Instead of a simpler type of machinery, many industries use high precision equipment’s. This often results in poor plant designing because previous or subsequent operations are located far apart. The bigger machines that can do an operation quicker than any other, but every process flow has to be directed through it creating planning complications, intervals and so on. Low-cost automation is suggested by Toyota can be admired by others. Financing in simple, more flexible equipment where possible; building manufacturing cells; and integrating step will precisely reduce the Muda of inappropriate processing.

5. Excessive Inventory

Inventory is the WIP (work in progress), the raw materials, and the finished goods that kept in warehouses. Every single piece of inventory you hold has a physical cost associated with it, that cost is carried directly by yourself either from your cash or from borrowing for which you will be charged interest. WIP and the stocks of finished products is a direct result of overproduction. Unnecessary inventory increases lead times, consumes productive floor space, delays the detection of problems, and obstruct communication.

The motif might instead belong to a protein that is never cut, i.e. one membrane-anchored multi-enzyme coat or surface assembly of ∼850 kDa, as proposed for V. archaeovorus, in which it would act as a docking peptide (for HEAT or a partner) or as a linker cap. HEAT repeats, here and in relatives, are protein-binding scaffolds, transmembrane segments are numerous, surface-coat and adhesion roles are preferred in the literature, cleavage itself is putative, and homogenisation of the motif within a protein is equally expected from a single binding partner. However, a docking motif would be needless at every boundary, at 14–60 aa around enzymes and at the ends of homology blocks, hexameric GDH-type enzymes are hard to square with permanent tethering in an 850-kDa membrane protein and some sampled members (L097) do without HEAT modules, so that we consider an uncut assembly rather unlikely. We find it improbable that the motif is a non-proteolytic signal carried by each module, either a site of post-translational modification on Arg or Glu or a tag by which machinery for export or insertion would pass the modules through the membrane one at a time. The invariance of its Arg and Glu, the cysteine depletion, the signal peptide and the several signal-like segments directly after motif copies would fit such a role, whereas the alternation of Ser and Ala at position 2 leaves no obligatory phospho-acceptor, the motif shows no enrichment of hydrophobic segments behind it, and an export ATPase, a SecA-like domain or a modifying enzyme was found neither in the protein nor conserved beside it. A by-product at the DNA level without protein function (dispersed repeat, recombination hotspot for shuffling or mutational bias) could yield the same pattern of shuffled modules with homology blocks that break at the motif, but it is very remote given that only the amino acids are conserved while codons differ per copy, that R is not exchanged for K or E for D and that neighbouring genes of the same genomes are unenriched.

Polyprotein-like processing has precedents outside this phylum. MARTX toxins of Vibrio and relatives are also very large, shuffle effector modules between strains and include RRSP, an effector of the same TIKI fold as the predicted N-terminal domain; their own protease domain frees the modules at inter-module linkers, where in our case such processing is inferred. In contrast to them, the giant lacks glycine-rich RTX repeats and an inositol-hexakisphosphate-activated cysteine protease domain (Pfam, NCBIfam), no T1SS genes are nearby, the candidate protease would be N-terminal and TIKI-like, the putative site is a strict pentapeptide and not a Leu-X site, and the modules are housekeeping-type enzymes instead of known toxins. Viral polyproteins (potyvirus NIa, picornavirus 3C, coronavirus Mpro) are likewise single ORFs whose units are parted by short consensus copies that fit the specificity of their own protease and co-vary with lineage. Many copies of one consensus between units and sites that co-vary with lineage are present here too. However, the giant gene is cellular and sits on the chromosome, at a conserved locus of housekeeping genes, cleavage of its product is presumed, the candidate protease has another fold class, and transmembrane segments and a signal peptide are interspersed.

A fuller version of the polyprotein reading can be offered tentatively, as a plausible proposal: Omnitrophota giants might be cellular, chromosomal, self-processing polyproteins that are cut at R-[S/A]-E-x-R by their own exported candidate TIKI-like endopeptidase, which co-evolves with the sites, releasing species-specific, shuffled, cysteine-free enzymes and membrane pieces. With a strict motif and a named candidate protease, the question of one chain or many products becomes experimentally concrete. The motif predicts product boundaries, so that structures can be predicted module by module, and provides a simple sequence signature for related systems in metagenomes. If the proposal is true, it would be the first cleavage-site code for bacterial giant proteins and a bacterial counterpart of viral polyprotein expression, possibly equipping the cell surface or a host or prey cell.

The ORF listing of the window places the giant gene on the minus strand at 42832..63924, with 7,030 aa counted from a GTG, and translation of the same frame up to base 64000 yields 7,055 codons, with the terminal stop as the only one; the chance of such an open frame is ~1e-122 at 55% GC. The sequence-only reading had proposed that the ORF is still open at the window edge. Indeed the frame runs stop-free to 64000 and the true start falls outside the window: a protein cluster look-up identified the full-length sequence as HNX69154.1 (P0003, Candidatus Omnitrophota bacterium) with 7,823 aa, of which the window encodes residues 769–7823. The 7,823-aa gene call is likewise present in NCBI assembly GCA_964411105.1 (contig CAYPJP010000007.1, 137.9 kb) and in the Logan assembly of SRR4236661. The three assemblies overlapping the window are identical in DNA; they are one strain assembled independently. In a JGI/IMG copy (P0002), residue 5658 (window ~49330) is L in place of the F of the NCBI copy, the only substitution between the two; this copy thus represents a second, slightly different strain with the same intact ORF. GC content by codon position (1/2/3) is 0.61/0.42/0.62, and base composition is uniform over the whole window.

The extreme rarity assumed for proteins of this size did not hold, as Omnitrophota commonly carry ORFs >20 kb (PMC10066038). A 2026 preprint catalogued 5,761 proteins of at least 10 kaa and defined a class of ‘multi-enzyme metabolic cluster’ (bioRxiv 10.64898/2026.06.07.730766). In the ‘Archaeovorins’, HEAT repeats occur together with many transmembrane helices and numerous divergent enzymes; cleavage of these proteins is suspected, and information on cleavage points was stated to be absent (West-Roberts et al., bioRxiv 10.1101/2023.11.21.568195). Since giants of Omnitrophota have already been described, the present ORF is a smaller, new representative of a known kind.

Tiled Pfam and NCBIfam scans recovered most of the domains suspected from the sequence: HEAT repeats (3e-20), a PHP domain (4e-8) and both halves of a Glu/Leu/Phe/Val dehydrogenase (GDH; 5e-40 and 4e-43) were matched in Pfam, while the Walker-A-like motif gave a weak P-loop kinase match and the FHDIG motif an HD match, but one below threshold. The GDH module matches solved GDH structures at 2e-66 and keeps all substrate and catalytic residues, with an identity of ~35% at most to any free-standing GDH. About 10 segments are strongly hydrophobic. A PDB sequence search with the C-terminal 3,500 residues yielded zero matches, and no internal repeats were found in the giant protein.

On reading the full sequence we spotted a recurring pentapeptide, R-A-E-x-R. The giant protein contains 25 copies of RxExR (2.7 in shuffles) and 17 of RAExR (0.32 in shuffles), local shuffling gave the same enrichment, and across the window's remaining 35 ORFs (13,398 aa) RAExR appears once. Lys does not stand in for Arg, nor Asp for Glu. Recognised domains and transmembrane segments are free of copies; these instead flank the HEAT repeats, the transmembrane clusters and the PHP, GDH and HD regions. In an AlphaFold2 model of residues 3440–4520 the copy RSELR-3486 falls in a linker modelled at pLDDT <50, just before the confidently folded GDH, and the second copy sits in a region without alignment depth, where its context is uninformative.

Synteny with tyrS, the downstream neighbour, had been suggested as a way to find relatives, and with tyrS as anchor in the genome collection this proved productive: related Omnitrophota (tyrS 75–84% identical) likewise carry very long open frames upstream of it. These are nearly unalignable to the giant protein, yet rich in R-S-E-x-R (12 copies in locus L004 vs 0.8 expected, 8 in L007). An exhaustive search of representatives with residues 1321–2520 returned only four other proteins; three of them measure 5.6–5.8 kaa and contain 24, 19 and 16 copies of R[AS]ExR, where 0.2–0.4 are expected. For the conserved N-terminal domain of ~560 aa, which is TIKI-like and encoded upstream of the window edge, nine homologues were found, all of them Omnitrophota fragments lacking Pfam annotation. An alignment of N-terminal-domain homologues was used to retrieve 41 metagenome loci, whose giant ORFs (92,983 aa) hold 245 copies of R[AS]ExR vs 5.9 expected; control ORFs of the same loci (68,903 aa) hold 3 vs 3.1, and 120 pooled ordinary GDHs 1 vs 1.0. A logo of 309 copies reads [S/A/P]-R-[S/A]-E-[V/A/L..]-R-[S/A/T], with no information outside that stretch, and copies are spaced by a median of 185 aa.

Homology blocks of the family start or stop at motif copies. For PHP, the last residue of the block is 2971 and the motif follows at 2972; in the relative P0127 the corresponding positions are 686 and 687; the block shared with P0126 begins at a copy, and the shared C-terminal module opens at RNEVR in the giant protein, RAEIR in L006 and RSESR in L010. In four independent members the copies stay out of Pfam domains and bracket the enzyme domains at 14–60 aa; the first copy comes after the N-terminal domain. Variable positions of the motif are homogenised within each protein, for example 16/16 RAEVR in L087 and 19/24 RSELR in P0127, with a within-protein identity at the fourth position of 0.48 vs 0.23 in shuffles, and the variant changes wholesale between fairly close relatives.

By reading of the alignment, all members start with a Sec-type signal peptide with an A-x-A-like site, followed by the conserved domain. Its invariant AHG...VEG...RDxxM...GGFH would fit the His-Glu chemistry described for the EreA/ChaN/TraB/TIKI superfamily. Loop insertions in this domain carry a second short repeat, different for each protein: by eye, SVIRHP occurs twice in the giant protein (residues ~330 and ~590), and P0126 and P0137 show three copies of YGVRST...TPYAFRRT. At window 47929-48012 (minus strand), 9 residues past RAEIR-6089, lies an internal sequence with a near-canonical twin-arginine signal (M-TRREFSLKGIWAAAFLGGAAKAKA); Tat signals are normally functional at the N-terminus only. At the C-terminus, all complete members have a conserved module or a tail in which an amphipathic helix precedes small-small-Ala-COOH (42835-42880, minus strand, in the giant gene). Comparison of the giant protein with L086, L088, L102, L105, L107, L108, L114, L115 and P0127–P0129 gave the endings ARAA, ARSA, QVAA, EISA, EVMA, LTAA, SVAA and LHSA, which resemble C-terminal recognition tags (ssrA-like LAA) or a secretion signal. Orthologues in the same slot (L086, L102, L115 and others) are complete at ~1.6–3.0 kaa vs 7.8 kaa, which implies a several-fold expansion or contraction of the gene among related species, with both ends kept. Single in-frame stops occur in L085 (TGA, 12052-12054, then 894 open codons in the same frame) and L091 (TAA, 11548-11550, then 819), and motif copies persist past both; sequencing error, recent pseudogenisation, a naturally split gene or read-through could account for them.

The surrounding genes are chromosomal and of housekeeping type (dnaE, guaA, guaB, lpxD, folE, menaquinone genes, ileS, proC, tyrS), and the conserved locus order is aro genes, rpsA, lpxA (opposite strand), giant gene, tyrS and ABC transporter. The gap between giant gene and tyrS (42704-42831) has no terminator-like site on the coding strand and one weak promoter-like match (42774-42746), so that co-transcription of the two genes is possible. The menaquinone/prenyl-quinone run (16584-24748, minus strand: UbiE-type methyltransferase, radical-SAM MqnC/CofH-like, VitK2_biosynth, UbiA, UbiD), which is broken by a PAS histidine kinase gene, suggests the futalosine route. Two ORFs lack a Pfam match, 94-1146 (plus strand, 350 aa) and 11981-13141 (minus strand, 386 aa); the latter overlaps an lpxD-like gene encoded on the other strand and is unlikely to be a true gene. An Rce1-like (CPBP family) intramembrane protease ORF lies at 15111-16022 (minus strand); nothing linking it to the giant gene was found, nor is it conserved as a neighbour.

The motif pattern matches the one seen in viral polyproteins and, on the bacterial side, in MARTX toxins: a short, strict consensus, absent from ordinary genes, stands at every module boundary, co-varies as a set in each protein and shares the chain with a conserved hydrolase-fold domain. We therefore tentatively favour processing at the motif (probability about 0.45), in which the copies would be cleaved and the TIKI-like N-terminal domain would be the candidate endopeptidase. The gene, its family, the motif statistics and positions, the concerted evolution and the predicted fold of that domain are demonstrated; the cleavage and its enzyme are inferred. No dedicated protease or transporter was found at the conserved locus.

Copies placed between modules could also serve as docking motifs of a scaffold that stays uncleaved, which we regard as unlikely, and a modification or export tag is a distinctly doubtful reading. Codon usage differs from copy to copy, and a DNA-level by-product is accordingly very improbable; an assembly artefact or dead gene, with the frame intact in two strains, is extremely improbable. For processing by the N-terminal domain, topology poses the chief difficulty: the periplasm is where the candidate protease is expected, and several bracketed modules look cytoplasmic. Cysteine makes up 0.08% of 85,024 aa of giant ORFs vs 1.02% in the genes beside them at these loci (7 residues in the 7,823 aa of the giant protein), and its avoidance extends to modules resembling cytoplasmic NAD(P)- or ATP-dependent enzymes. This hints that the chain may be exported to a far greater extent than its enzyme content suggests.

6. Unnecessary Motion

If the workers take more time to reach one place to another, it is the 6the Muda of 7 wastes. Resources are wasted when workers have to bend, reach or walk distances to do their jobs. Workstation ergonomics studies should be accompanied to design a more efficient environment. Moving is not necessarily working. Poor workstation layout results in excessive motion. There are also safety and health issues, which in today’s litigious society are becoming more of a problem for the organization. Works with excessive motion should be analyzed and redesigned for improvement with the involvement of the plant manager.

7. Defects

Defects are when the products/services deviate from what the customer requires. Defects in quality, resulting in rework or scrap are a tremendous cost to organizations. Checking and quarantining inventory takes time, and it costs money. In many industries, the entire cost of defects is often a major percentage of total manufacturing cost.

The 7 waste management presentation can be illustrated using a suitable PowerPoint, which showcasing the topic with metaphors. For this purpose, slide bazaar has been introduced Muda 7 wastes PowerPoint template and related templates such as continual improvement process template for PowerPoint and keynote and lean manufacturing PowerPoint template and keynote slide.